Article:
November 2012 Archives

Holiday Weekend Patrols Produce DUI And Drug Arrests

November 29, 2012

714570_light_5.jpgThe Thanksgiving holiday week is one of America's favorite times of the year. During the day we eat our turkey, play and watch football, and take advantage of all the Black Friday shopping sales. But the Thanksgiving week and weekend is also known as a popular nightlife time. In fact, the Wednesday before Thanksgiving is the single most popular bar night of the year, and the Friday and Saturday after are not far behind. And whenever there is a party, you can be sure that police are not far behind to come crash it. The Maryland State Police recently made an attempt to crash the holiday week party by ramping up patrols across the state's highways. Police were specifically targeting the roads in and out of popular nightlife spots and conducted almost 9,000 traffic stops over the holiday weekend. Out of the 9,000 traffic stops, nearly 100 resulted in an arrest for DUI. Close to 60 people were arrested or cited with drug offenses by state troopers, and over 100 were arrested for other crimes. Police also reported that 3 guns were confiscated during the traffic stops.

The Maryland State Police ramped up their holiday patrols in all 22 barracks across the state, with orders to look for aggressive drivers, speeders, drivers not wearing their seatbelts, and impaired drivers. The state police did not conduct a DUI checkpoint over the weekend, but instead relied on a more aggressive patrol initiative. Baltimorecriminaldefenselawyerblog.com has previously posted articles about the futility of DUI checkpoints in the state, and the recent holiday patrol proves this point. Over 1 percent of the drivers that were stopped by police patrols over the weekend were suspected of drunk driving. Past Maryland checkpoint have resulted in about one half of one percent of drivers being suspected of drunk driving. This is not to say that the ramped up road patrols are without flaws, but rather to say they are at least more effective than checkpoints.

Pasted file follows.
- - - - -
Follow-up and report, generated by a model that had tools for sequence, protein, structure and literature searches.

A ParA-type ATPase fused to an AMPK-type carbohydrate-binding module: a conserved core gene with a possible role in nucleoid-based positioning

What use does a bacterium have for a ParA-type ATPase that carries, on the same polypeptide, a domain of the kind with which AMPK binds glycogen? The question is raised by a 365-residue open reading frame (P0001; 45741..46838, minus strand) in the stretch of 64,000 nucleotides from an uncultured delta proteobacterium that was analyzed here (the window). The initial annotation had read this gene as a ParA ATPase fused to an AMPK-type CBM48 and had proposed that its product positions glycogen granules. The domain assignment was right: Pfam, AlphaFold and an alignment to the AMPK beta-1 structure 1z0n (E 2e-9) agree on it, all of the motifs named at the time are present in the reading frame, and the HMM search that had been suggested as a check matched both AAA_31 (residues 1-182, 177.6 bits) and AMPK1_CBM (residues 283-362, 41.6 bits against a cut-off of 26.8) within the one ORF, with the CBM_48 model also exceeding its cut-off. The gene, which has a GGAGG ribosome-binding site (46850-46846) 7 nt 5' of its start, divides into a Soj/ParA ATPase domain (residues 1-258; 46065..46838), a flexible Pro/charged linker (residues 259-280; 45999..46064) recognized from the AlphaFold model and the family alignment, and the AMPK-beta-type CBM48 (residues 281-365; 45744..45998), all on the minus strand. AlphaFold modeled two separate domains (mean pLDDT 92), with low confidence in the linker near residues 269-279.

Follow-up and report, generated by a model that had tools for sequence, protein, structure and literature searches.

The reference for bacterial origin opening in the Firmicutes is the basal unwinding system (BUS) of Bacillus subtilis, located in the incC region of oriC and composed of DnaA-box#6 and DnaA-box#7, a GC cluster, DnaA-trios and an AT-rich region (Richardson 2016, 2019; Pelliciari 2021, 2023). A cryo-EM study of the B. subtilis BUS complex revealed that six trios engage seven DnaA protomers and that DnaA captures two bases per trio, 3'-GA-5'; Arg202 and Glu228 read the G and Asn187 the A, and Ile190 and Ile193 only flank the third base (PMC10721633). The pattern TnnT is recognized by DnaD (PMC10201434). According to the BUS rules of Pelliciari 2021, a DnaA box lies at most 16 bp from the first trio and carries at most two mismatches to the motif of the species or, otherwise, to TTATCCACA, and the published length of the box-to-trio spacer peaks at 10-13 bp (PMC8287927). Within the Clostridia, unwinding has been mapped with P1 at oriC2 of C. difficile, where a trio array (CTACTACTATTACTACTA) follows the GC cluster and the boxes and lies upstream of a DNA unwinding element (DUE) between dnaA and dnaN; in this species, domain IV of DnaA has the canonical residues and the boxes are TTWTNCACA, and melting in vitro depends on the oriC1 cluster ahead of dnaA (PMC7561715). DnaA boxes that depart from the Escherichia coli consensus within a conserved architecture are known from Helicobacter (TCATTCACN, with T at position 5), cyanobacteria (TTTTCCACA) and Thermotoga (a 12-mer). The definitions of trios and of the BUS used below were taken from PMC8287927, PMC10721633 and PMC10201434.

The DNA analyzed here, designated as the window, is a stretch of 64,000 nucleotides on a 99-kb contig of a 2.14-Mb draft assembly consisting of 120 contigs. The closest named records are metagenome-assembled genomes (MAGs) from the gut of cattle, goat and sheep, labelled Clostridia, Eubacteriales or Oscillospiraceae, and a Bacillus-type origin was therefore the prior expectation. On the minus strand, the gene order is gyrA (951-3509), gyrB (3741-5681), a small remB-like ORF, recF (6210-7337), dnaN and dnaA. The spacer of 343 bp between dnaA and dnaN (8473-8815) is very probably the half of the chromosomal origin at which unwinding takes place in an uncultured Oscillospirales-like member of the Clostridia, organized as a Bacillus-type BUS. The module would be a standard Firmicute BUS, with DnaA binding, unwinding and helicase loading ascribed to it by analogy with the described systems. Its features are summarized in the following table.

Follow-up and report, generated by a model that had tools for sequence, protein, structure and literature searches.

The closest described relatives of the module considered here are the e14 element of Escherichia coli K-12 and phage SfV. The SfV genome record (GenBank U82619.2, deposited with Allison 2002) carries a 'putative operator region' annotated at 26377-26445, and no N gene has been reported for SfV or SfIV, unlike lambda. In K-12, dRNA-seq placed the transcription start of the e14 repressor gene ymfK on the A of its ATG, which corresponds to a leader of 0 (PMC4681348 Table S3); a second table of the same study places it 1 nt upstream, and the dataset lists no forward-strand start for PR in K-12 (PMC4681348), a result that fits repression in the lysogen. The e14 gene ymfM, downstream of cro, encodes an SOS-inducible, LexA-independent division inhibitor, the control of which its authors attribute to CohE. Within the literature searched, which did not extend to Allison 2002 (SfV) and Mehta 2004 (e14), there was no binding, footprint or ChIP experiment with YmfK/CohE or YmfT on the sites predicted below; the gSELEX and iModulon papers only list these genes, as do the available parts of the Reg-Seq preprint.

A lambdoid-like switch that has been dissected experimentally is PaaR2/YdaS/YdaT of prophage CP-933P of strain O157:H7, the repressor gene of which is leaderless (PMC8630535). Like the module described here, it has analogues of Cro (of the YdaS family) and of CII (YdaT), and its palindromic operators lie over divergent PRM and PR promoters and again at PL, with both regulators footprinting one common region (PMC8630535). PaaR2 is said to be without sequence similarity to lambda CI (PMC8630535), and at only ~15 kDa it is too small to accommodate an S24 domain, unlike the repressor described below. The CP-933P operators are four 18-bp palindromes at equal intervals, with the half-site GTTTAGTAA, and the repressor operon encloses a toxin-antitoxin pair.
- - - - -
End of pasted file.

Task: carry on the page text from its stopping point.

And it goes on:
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Candy Bar Thief Arrested On Marijuana Distribution Charges

November 23, 2012

24579_bar_of_chocolate.jpgIt was like stealing candy from a baby. At least it was for the police officers who recently arrested a Dundalk man for possession of marijuana with intent to distribute. Early in the morning hours employees at a Pennsylvania gas station observed the man placing unidentified candy bars in his pockets. The employees called 911 and law enforcement began searching the immediate area for a man matching the description. The man was spotted within ten minutes by local cops, who detained the Maryland man. After confirming the identification of the candy bar thief, police officers arrested the man for shoplifting. Search incident to arrest revealed two candy bars worth a total of $3.58. It is unclear whether the candy bars were king size, or if the gas station simply charges almost two dollars per bar. Nonetheless, the man would have likely avoided a trip to the local jail had he only been found in possession of candy, but that was not the case.

The Baltimore County man was also found to be in possession of 11 small bags of marijuana, which police claim were packaged for sale. Police did not say just how much marijuana was in each baggie, or whether they discovered any additional evidence that would indicate possession with intent to distribute, but the man was booked on that felony charge along with misdemeanor retail theft. He was released on $5,000 dollars bail. The defendant recently waived his right to a preliminary hearing for the felony distribution case in the same manner that a defendant would waive a preliminary in Maryland. According to Pennsylvania court records, the Dundalk man has one prior conviction for possession of marijuana in addition to this current arrest.

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Man Arrested After 150 MPH Eastern Shore High Speed Chase

November 15, 2012